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Volvo penta MD22 complete overhaul

Untitled document The motor of our boat broke down and a few weeks till our vacation we needed to do something to get the thing working again.
As there was little time we decided to overhaul the engine ourselves.

After googling some information about the engine I came to realise this is about the worst engine ever built in history by perkins.
But the problem we encountered was yet not documented on the Internet.


The problem with the engine was water on the head of the engine, so at first we expected the head gasket to be the culprit.
We started by removing the head of the engine to look at the extend of the damage.

Motor head has been removed to realign the valves
All valves were luckily undamaged but as this is a complete overhaul we adjusted the tolerances aswell.

Next to be removed was the oil and the carter.
The engine can be handled best when it is rolled on its back.
The carter can be removed quite easy then.
Motor head has been removed to realign the valves
Motor head has been removed to realign the valves

The carter has been removed so we can extract the cylindersThe carter has been removed so we can extract the cylinders
The carter has been removed so we can extract the cylinders

You can see a little bit of rust already on the cylinders because the came in contact with water.

This shows the motor with its pistonsThis shows the motor with its pistons
This shows the motor with its pistons

You can see the carter also contained water because of the rust.
This rust needed to be removed.

It is easy to spot the carter contained water because of the rustIt is easy to spot the carter contained water because of the rust
It is easy to spot the carter contained water because of the rust

Another problem: the starter engine broke because there was water on the engine head.

When starting there was so much torque, the aluminium broke.
I rejoined the broken pieces together and welded it back to one piece.

The startmotor broke, so this had to be repairedThe startmotor broke, so this had to be repaired
The startmotor broke, so this had to be repaired

You can see the weld clearly here.

Now it is reenforced Now it is reenforced
Now it is reenforced

And now with the complete engine restored.

And once again it is a working partAnd once again it is a working part
And once again it is a working part

After failing to find leaks in the head gasket we investigated further, next suspect was the heat exchanger.
Somehow this part leaked all its contents in the exhaust so we had to investigate what exactly failed.

This is why I took my axial grinder to open up the top of the heat exchanger.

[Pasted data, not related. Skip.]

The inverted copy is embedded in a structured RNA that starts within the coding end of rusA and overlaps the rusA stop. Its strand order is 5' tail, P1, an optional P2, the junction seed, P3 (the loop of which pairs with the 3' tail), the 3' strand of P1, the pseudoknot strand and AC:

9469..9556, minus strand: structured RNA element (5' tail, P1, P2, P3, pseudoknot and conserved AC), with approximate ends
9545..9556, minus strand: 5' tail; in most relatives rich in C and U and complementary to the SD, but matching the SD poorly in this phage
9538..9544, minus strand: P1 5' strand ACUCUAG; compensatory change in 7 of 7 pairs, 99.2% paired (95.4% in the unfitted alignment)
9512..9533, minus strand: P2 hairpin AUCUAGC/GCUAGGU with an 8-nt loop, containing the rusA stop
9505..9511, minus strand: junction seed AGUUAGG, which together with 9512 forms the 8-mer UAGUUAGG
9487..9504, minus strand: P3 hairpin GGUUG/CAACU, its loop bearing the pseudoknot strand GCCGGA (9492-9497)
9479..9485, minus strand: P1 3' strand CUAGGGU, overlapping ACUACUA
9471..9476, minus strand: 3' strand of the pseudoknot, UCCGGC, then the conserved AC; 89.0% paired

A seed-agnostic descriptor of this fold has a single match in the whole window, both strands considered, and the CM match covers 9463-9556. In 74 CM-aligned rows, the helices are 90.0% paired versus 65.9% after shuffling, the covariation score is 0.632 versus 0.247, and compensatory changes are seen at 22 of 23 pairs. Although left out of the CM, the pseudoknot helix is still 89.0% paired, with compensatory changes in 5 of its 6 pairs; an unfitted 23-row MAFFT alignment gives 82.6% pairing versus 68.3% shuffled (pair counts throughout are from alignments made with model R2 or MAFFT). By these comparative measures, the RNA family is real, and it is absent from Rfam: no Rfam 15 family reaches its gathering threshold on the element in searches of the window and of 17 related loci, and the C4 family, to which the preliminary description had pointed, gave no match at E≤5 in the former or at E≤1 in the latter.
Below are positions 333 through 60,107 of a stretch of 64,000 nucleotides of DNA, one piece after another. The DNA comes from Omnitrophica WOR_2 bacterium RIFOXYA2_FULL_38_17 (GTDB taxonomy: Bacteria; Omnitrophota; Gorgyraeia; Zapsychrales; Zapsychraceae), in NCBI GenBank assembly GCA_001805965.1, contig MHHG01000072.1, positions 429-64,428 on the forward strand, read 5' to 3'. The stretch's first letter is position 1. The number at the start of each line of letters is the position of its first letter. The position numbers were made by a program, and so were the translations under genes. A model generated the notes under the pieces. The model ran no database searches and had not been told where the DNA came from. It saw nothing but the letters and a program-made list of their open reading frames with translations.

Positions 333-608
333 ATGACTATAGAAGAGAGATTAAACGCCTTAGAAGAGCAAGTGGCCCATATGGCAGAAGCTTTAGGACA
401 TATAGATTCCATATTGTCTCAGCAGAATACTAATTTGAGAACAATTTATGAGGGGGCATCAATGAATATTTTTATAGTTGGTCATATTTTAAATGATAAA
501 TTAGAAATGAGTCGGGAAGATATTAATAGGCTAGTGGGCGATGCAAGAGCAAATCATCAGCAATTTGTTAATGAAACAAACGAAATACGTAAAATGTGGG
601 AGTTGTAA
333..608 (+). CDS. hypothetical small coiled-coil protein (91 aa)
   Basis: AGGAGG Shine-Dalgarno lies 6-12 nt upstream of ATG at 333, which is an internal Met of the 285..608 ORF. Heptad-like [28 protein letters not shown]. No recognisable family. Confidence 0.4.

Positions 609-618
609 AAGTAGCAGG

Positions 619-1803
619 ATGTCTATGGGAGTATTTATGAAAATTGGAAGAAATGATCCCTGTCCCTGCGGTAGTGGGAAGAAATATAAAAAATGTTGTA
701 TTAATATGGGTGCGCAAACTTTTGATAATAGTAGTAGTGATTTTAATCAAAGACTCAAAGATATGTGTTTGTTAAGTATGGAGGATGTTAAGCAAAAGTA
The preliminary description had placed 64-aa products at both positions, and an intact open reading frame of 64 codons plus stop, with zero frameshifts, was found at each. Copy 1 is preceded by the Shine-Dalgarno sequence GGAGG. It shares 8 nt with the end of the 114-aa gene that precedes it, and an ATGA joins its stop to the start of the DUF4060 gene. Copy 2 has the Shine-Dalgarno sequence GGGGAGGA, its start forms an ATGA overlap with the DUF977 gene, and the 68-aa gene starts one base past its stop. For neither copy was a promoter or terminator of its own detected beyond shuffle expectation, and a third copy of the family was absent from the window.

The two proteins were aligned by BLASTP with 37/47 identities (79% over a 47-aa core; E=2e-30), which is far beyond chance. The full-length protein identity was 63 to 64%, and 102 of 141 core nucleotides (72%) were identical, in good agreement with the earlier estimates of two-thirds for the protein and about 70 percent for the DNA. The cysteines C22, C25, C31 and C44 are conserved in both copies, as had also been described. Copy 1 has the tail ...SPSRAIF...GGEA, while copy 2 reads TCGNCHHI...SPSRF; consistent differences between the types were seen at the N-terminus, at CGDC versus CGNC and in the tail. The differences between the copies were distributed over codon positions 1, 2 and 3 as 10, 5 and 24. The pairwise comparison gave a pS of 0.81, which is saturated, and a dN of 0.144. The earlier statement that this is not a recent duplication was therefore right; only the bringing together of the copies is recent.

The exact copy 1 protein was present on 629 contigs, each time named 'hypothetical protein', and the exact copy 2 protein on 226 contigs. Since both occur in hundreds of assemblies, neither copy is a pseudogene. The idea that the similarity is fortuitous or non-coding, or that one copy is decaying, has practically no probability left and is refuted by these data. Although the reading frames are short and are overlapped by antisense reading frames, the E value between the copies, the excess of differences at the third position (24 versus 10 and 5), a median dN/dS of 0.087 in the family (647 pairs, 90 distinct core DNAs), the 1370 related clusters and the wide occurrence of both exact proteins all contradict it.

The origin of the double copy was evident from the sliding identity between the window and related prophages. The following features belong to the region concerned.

(NOTE volvo penta thinks this part is worth 3250 euro's ex V.A.T. I personally think they are totally crazy to charge such amount for a piece is (badly designed) aluminium)

Now removing the labels of the culpritNow removing the labels of the culprit
Now removing the labels of the culprit

Now grinding the top of the exchanger.

Grinding the top open for inspectionGrinding the top open for inspection
Grinding the top open for inspection

The inner cooling system is clearly visible now, the water is contained above the exhaust and intake tubes.

damn, no cracks to see in here!damn, no cracks to see in here!
damn, no cracks to see in here!

After pouring some water in the exchanger the exact problem came to light.

You can clearly see the aluminium corroded ( you would expect a sea worthy engine to outlive more then 15 years) but because this part is so badly designed salt water can sit between the gasket and the heat exchanger.
and corrode the aluminium.

(I Really don't know why any sane person would design anything like this (any other then reducing the life expectancy of an engine!))

Ahhhh found it... after cleaning the exhaust I spotted a small holeAhhhh found it... after cleaning the exhaust I spotted a small hole
Ahhhh found it... after cleaning the exhaust I spotted a small hole

I tried to restore the aluminium with my tig welder but the aluminium is so polluted by corrosion I was unable to establish a good weld.

after some cleaning it became apparent the aluminium was to contaminated to weld properlyafter some cleaning it became apparent the aluminium was to contaminated to weld properly
after some cleaning it became apparent the aluminium was to contaminated to weld properly

Next thing I did was just grinding off the flange to look at the extend of the corrosion, as you can see we now have clear shiny aluminium.

I remove the complete flangeI remove the complete flange
I remove the complete flange

This is the sawed of flange, as you can see it has holes where the leakage originated, this is aluminium which is designed in such a way this reduced the life expectancy of the engine.
Again this is to my knowledge completely unnecessary and only introduced by designers to have you buy parts when the aluminium is gone due to corrosion (extremely expensive parts 3250 euro's ex V.A.T.)

It is easy to see WHY the part failed, an enormous design flaw!It is easy to see WHY the part failed, an enormous design flaw!
It is easy to see WHY the part failed, an enormous design flaw!

Next step , I started to recreate the flange.
I sawed off a piece of aluminium (costs about 3 euro)

this piece will replace the old flangethis piece will replace the old flange
this piece will replace the old flange

Now milling a hole for the exhaust.

now drilling a hole for the exhaustnow drilling a hole for the exhaust
now drilling a hole for the exhaust

Drilling a few holes for the mounting threads.

and some mounting holesand some mounting holes